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Introductions to sections of the Connexions Annual written by Ulli Diemer.
Although we like to think of ourselves as a society that cares deeply for children and protects them from harm, children are by no means immune to society’s problems. Sometimes, in fact, they face problems that are worse than those faced by most adults.
In Canada, children make up the largest group of poor people. More than one million children — about one in six — are growing up in poverty. In the poorest countries, they die in shocking numbers from malnutrition and disease. Children suffer from family breakdown and family violence; some are victims of sexual abuse. Certain environmental hazards, such as lead pollution, are especially harmful to children. Good day care for the children of working parents is in critically short supply.
Native children, especially, have often been treated appallingly: removed from their communities, separated from their families, forbidden to speak their own language. While the worst of these abuses have now ended, the effects will be felt for many years.
The school system often fails children. Children from working class and non-white backgrounds are disproportionately streamed into dead-end courses, and are much less likely to make it into university. (As governments cut university funding and tuition fees rise, this problem will worsen.) Many students leave school — even as high school graduates — unable, or barely able, to read. Few are really challenged by their schools, few receive encouragement for, or training in, thinking and reading critically.
Yet work is being done to improve the situation of children. There are groups pressing for more and better day care, organizations protecting the interests of children in the justice system, alternative schools trying to improve on the education system’s offerings. One positive trend has been the development of school textbooks which avoid the old stereotypes of race and sex, to provide students with a more authentic picture of Canadian society.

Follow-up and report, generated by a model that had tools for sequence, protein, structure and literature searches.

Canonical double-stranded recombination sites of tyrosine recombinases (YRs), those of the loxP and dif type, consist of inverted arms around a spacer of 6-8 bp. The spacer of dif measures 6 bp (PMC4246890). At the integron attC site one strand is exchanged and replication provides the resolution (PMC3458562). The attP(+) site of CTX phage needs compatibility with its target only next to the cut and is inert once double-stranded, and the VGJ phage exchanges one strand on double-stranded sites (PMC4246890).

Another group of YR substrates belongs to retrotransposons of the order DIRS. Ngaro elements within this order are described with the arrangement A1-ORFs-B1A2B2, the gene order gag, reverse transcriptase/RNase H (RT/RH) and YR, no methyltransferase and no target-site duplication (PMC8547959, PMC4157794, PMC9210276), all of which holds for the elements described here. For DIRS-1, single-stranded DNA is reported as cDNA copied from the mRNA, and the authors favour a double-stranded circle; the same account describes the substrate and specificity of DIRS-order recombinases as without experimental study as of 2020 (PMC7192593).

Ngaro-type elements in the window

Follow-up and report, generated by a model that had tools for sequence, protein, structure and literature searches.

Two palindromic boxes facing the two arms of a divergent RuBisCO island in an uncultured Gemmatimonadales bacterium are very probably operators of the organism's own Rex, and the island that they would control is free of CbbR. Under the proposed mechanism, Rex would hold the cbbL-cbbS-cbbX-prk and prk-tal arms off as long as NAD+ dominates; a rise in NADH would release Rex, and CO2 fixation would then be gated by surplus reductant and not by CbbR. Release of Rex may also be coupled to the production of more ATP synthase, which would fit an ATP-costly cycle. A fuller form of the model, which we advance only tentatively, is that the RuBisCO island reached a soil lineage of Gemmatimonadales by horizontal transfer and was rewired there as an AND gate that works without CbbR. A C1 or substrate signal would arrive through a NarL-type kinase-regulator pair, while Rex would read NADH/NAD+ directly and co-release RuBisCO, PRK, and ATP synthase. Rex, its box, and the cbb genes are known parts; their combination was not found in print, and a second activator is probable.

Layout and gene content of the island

Education is by no means confined to the school system, nor to children and youth. Indeed, adult education is one of the ‘growth industries’ of our time (and one that is far more environmentally benign than many other ‘growth industries’).
Especially vital are the literacy and English As A Second Language movements. They are tackling crucial problems which are responsible for keeping many Canadians, especially immigrants and the poor, out of the social mainstream. They have been leaders, too, in developing reading materials that actually deal with the lives an problems of the learners, and in involving the learners themselves in helping to create those materials. As a result, such programs have become catalysts for awakening a wider social awareness among people often not reached by other institutions and organizations.
Indeed, education is being seen as an essential element of grassroots development both in Canada and abroad. The guiding idea is that education is not merely concerned with imparting knowledge, but with helping people develop the skills and the confidence to analyse and solve problems and thus to act, both individually and collectively.
Because education is about how people see and respond to the world, education has also been identified as a priority by a wide range of organizations concerned with many different issues. Many groups concerned with peace, anti-racism, the workplace, or gender equality see education as a key to moving forward.
Aussi disponible en français: L’Annuel
Connexions: Introduction sur l’Éducation et les Enfants
También disponible en español: El Anuario de Conexiones: Introducción a la Educación, Niños
Other Overview Articles from the Connexions Annual:
Introduction to the Connexions Annual
Introduction to the Arts, Media, Culture section of the Connexions Annual
Introduction to the Community, Urban, Housing section of the Connexions Annual
Introduction to the Development, International section of the Connexions Annual
Introduction to the Economy, Poverty, Work section of the Connexions Annual
Introduction to the Environment, Land Use, Rural section of the Connexions Annual
Introduction to the Health section of the Connexions Annual
Introduction to the Human Rights, Civil Liberties section of the Connexions Annual
Introduction to the Lesbians, Gays section of the Connexions Annual
Introduction to the Native Peoples section of the Connexions Annual
Introduction to the Peace section of the Connexions Annual
Introduction to the Women section of the Connexions Annual